--> --> Abstract: Thrust Belt of Wyoming, Idaho, and Northern Utah--Structural Geometry and Related Stratigraphic Problems, by Frank Royse, Jr., M. A. Warner, D. L. Reese; #90969 (1977).

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Abstract: Thrust Belt of Wyoming, Idaho, and Northern Utah--Structural Geometry and Related Stratigraphic Problems

Frank Royse, Jr., M. A. Warner, D. L. Reese

Geologic and geophysical data gathered in the Wyoming-Idaho-northern Utah thrust belt can be interpreted by invoking structural concepts and geometric restraints found applicable in similar provinces, such as the Canadian Rockies and the Appalachians. The concepts include: (1) deformation is "brittle", and plastic flow or cleavage folding does not occur to a significant degree; (2) folds form concurrently with thrusting and have essentially concentric geometry; (3) thrust faults cut the stratigraphic section in the direction of tectonic transport; (4) faults tend to be parallel with bedding in incompetent rocks and oblique in competent rocks, a condition which imparts a steplike form to fault surfaces (the angle between fault and bedding on major steps is 20 to 35°); and (5) major thrusts are younger in the direction of tectonic transport of the hanging wall (east).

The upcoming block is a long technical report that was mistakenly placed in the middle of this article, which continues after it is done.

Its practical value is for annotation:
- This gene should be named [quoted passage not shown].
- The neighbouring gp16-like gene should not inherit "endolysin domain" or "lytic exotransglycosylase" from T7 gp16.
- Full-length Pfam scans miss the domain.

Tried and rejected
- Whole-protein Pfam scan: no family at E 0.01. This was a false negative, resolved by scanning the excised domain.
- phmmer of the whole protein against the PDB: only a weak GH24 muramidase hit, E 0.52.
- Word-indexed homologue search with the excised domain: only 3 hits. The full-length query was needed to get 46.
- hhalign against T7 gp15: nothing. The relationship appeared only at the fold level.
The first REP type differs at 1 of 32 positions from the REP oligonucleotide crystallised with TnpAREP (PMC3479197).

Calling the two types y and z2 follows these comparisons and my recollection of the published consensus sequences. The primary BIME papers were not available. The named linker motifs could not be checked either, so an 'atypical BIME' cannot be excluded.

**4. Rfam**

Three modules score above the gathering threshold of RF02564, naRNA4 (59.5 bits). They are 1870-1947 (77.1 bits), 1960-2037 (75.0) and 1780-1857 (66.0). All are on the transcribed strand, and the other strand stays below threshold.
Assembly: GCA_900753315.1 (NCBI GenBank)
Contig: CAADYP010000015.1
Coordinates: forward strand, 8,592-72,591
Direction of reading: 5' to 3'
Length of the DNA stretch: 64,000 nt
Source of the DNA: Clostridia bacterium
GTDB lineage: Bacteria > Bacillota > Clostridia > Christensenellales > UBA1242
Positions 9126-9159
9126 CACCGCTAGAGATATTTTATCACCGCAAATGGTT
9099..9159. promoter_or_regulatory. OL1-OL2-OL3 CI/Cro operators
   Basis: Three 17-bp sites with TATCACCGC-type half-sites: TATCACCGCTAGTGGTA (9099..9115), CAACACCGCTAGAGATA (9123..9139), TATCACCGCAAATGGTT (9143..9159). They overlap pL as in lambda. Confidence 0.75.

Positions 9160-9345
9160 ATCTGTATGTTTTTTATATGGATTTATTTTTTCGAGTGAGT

The structural model devised is vital to proper stratigraphic mapping because of the disruption brought about by thrust faulting. Mapping and dating of synorogenic conglomeratic "foredeep" deposits indicate that thrusting was episodic during a 90-m.y. period from latest Jurassic to early Eocene. Four major thrust-fault systems are recognized. From west to east they are: (1) the Bannock, which includes the Paris and Willard thrusts, (2) the Meade-Crawford, (3) the Absaroka, and (4) the Darby, which includes the Prospect, Darby, and Hogsback thrusts. Total shortening is about 65 mi (104.5 km) of an original 130 mi (209 km) or 50%. Younger normal (extensional) faulting occurred from Eocene time to the present. The sole of many normal faults is on thrust planes or within Jurassic salt bed .

Favorable conditions for oil prospecting are present in some areas where structural trap formation, peak oil generation, and migration occurred concurrently, and where traps are not eroded or flushed. The recent oil and gas discovery in the Nugget Sandstone at Ryckman Creek field in southwestern Wyoming is an example of exploration success in such an area.

AAPG Search and Discovery Article #90969©1977 AAPG-SEPM Rocky Mountain Sections Meeting, Denver, Colorado